“I believe people began drinking alcohol as early as 2500 BC,” says Pryor. “After all, fermentation is a pretty basic process – it happens all the time. If you’re a farmer growing wheat and barley and your storage pit gets wet, pretty soon you’re going to get a beer of sorts.
“What’s more, in around 2500 BC we start to see evidence of an extraordinary type of pottery, all over Europe – highly decorated mugs known as beakers. The average beaker holds around two pints and its decoration may well have signified one’s family. These are not the sort of drinking vessels you’d use for a mug of river water!”
Other decorative items have been found during excavations at Flag Fen, including fragments of a bronze shield. But one of the most remarkable finds is a set of shears in a wooden box, dating to c600 BC – to shear sheep, one might assume, but Pryor has another theory.
“Bronze Age sheep like the ones we have here at Flag Fen wouldn’t have needed shearing – they shed their wool naturally. Which means the shears we found were probably used for trimming beards and clipping hair – for looking nice. Caring about one’s personal appearance is not something many people would attribute to Bronze Age society, but I would argue that it formed part of everyday life.”
An excited group of primary school children clad in ‘Bronze Age’ woollen capes borrowed from the visitor centre reminds us that Bronze Age history is now part of the National Curriculum – something Pryor campaigned passionately for. But the future of Flag Fen is far less certain: the site is under constant threat of drying out. Less than 10 per cent of the site has been dug, with an artificial lake created over the largest portion of the ceremonial platform, preserving the Bronze Age timbers, and the site’s history, for future generations.
“It’s time to re-educate people about what life in the Bronze Age was really like,” says Pryor, “and dispel the age-old image of wool-clad people huddling around fires in mud and rain, like cavemen. It was a period of great domestic and spiritual change. Civilised life in Britain did not begin with the Roman occupation of AD 43”.
In 1992, a Bronze Age boat was discovered during construction of the A20 between Folkestone and Dover. Thought to be around 3,500 years old, the vessel once carried cargos of supplies, livestock and passengers across the Channel, and is tangible evidence of Bronze Age trading. A 9.5m section of this, the world’s oldest known seafaring boat, is on display.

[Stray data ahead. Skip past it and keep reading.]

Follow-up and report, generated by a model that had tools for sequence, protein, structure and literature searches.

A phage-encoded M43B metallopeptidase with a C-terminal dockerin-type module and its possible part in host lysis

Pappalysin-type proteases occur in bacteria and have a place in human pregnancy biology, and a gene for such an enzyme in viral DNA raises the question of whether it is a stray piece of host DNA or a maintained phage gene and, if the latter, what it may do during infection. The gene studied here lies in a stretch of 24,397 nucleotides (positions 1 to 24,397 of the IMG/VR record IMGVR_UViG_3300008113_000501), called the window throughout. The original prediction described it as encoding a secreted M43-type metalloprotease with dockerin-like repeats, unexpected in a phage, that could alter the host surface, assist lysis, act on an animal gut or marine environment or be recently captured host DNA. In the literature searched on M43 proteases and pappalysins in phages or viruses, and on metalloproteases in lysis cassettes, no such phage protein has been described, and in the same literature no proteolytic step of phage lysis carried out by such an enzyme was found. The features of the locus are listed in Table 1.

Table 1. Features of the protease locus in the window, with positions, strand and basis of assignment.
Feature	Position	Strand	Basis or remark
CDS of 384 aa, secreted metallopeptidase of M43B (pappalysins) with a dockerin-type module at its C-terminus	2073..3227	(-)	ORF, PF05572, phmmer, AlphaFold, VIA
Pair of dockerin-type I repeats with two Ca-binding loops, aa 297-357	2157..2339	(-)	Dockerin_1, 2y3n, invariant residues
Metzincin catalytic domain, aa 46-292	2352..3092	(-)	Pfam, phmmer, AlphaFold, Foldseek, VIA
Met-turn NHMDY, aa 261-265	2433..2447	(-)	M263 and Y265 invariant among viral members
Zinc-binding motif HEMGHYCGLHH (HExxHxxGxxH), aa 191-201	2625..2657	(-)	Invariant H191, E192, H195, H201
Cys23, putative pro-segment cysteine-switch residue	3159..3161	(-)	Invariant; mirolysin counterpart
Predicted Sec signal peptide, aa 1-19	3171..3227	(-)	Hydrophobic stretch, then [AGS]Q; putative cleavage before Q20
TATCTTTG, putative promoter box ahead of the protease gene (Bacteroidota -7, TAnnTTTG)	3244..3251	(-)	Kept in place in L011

Built in c2500 BC, Stonehenge was an important site of early pilgrimage until the early Bronze Age, when one of the greatest concentrations of round barrows in Britain was built in the surrounding area. The henge monument at Avebury, a 26-mile walk away, was built and altered between 2850–2200 BC but, like Stonehenge, the reason for its existence is still debated.
Discovered by chance after a storm in 1850, the remains of the late Neolithic settlement at Skara Brae offer an insight into life between c3200 BC and c2200 BC, when the village was inhabited. Orkney itself boasts some 600 Bronze Age burial mounds, including a complex around the Ring of Brodgar, not far from Skara Brae.
The remains of the Bronze Age timber circle discovered on Holme beach on the north Norfolk coast in 1998 are on show in Lynn Museum, along with a life-size replica. The wooden structure comprised 55 oak posts. In its centre was a huge upturned tree stump, which may have been used as part of a burial ritual.
Mined for copper ores from nearly 4,000 years ago, some four miles of tunnels have been uncovered at Great Orme. Visitors can explore its huge caverns and prehistoric landscape, as well as view Bronze Age mining tools and artefacts.